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Data Survey Refines Membership's Information Needs

by Joan Klucarich, Member, CAS Committee on Management Data and Information

In February 2001, the CAS Committee on Management Data and Information conducted an e-mail survey to learn the data management needs of the CAS membership. With the survey results, the committee seeks to enhance its role in providing resources on management data to CAS members. Following are the survey's key findings and the committee's conclusions.

According to the survey results, most casualty actuaries' activities on data are either on the "extraction and manipulation of data" or "assisting in the design of new analytical tools." The members of the committee found it interesting to read about the wide range of "other" responses, including project management, underwriting activities, and information systems. Very few respondents reported spending much time on privacy or ownership of data. Although the amount of time spent on data management activities seems to be modest, casualty actuaries rated many data management activities to be "important" or of "great importance."

Most casualty actuaries would prefer to further education through papers and seminars rather than textbooks or additional syllabus material. Many suggestions were offered to improve the CAS Online Catalog (renamed the Online Database of Actuarial Abstracts).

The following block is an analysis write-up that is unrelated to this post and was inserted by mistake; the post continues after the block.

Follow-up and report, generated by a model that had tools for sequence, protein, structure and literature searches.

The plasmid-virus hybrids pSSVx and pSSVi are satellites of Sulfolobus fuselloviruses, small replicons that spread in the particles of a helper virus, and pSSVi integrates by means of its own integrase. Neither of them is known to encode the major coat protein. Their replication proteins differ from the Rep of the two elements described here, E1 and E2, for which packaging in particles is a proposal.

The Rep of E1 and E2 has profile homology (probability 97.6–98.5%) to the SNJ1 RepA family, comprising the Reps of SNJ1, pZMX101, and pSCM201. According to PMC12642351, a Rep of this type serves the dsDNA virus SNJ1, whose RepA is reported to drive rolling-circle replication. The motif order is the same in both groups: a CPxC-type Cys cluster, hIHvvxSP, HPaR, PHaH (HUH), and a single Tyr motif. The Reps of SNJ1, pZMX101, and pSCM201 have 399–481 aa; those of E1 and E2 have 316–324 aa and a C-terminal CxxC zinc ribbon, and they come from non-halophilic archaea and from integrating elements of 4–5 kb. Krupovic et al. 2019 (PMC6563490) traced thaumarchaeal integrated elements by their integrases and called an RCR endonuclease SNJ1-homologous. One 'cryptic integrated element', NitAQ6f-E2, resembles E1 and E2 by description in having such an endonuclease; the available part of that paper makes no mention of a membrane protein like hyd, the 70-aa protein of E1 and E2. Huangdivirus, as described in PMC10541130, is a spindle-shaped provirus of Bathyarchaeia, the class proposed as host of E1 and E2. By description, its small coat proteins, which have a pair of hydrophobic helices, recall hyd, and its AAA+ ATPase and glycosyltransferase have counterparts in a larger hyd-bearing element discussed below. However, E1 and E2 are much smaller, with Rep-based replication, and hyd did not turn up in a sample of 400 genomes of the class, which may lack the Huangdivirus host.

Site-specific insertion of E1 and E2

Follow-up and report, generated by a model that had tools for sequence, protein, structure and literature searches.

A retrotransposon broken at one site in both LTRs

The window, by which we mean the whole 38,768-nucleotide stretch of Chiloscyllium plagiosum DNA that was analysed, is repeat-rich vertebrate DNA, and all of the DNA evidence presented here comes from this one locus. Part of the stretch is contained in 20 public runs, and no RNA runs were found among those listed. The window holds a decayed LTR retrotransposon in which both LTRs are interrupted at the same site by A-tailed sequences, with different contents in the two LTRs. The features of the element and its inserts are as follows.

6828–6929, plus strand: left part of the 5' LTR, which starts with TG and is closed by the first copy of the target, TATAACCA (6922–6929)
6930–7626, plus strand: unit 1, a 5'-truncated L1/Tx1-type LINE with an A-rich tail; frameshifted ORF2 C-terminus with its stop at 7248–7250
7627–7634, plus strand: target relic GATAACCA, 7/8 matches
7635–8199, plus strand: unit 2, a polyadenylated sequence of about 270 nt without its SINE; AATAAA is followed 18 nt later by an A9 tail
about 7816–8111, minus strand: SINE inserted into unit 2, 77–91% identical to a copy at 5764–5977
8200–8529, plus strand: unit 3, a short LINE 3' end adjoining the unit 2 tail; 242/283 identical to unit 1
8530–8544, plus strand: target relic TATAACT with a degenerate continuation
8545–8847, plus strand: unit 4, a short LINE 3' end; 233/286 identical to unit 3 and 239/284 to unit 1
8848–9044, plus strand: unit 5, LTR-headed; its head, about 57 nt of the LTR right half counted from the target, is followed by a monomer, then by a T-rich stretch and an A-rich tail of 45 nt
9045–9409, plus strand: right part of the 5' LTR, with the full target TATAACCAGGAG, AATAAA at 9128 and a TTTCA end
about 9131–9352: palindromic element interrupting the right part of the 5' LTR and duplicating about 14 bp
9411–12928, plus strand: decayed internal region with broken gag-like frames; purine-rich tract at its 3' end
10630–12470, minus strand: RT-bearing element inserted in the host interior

Most casualty actuaries felt that data quality and data reconciliation were either "important" or of "great importance." Relatively few actuaries thought that the CAS should serve as a data repository, but almost two-thirds thought that the CAS should provide assistance by directing inquiries to other sources.

As a result of reviewing the responses to the survey, and based on its own discussions, the committee reached a number of conclusions. The committee believes that casualty actuaries should have some basic understanding of data quality, data reconciliation, and other key data management issues. While the committee believes that a textbook would become quickly outdated, it concluded that data management should be on the CAS syllabus. Specifically, at a minimum, the syllabus could include the Actuarial Standard of Practice #23 on Data Quality.

The committee appreciates the time and effort taken by the respondents to this survey. We will use this information to improve the services provided in the areas of data management and data quality activities.

Sara Schlenker, Craig Allen, and John Stenmark contributed to this report.